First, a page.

# What are some useful or interesting infinite generators?

What are some clever uses for infinite generators? I've seen lots of seemingly trivial examples like "list all even numbers", but I assume there must be others that have more applicability to real-world scenarios. Concrete examples (in any language that support generators) appreciated!

I'll give a trivial sample as an answer.

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The list of all off-topic questions for stackoverflow.com. –  bmargulies Feb 9 '11 at 20:03

Look at the Haskell code on http://rosettacode.org/wiki/Hamming_numbers#Haskell; that uses lazy lists (which are somewhat like generators) in a creative way to list all Hamming numbers.

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Also has generator version in Python and C#. –  delnan Feb 9 '11 at 20:19

A random generator might be considered clever use.

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Trivial example: yield Fibonacci numbers one at a time (sans overflow checking, in C#):

``````public static IEnumerable<double> Fibonacci()
{
double n_minus2 = 1;
double n_minus1 = 1;
yield return n_minus2;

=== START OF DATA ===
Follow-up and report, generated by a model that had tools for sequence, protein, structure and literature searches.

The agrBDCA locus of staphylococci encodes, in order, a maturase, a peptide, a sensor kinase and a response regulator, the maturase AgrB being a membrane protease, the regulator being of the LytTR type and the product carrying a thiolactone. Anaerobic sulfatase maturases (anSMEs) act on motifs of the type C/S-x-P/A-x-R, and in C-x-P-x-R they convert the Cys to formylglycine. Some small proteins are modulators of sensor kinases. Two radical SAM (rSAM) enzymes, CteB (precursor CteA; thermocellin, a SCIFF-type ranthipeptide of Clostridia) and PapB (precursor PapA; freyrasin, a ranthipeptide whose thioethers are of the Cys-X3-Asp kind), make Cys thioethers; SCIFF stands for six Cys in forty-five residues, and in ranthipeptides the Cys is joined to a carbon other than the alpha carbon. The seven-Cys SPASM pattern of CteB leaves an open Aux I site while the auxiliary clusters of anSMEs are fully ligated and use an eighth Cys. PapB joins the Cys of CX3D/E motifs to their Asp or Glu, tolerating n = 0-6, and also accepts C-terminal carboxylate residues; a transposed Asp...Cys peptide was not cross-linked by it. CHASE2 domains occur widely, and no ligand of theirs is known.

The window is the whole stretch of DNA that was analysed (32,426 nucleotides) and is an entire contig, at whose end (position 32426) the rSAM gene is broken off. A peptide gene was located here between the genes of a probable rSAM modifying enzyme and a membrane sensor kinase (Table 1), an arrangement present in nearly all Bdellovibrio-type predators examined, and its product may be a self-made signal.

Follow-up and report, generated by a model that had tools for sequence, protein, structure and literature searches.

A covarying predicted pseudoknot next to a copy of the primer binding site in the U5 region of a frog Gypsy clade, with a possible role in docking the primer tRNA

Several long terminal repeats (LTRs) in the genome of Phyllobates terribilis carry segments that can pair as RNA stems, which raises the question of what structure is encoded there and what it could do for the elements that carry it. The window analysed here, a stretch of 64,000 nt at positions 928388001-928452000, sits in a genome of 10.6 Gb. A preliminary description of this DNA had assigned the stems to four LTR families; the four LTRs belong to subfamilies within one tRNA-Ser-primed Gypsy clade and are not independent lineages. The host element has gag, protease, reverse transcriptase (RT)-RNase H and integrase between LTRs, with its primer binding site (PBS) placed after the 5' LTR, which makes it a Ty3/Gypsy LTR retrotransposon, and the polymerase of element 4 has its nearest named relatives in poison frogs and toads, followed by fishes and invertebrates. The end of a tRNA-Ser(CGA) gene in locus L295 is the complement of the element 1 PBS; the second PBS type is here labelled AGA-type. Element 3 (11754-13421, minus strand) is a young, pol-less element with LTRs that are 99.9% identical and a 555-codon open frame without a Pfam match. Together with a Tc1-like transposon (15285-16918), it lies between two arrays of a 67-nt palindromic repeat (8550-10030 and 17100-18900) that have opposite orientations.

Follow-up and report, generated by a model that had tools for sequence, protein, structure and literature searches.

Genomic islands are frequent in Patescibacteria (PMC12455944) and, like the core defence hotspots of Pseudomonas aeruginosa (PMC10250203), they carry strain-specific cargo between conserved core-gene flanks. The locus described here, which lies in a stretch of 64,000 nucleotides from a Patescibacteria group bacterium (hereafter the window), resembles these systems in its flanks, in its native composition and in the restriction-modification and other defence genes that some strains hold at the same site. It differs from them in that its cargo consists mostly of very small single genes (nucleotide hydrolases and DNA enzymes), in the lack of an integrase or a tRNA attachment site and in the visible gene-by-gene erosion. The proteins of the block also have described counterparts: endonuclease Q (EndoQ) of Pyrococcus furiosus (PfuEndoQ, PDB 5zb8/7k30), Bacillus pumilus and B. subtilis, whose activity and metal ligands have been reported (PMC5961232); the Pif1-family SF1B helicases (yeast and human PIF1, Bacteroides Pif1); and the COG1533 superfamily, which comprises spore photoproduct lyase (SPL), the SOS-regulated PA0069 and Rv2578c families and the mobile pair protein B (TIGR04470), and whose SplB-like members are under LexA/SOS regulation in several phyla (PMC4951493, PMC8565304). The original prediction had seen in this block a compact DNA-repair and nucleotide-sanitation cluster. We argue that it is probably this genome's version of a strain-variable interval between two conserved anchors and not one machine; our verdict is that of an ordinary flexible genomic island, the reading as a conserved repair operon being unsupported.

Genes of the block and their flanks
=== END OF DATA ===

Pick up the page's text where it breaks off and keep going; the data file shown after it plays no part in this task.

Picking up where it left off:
yield return n_minus1;

while(true)
{
double n = n_minus2 + n_minus1;
yield return n;
n_minus2 = n_minus1;
n_minus1 = n;
}
}
``````
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OP asked for generators "that have more applicability to real-world scenarios". –  delnan Feb 9 '11 at 20:12
@delnan - I am OP, and this is the example I said I'd post for illustrative purposes. –  Justin Morgan Feb 9 '11 at 20:14
D'oh! Sorry. But is this kind of thing really what you're looking for? I'd consider this pretty much useless for real problems. –  delnan Feb 9 '11 at 20:15
It is. I am wondering if there were structurally similar mechanisms that are actually useful. –  Justin Morgan Feb 9 '11 at 20:19
Why not post your trivial example as part of your original post? 0.o –  Pete Feb 9 '11 at 20:19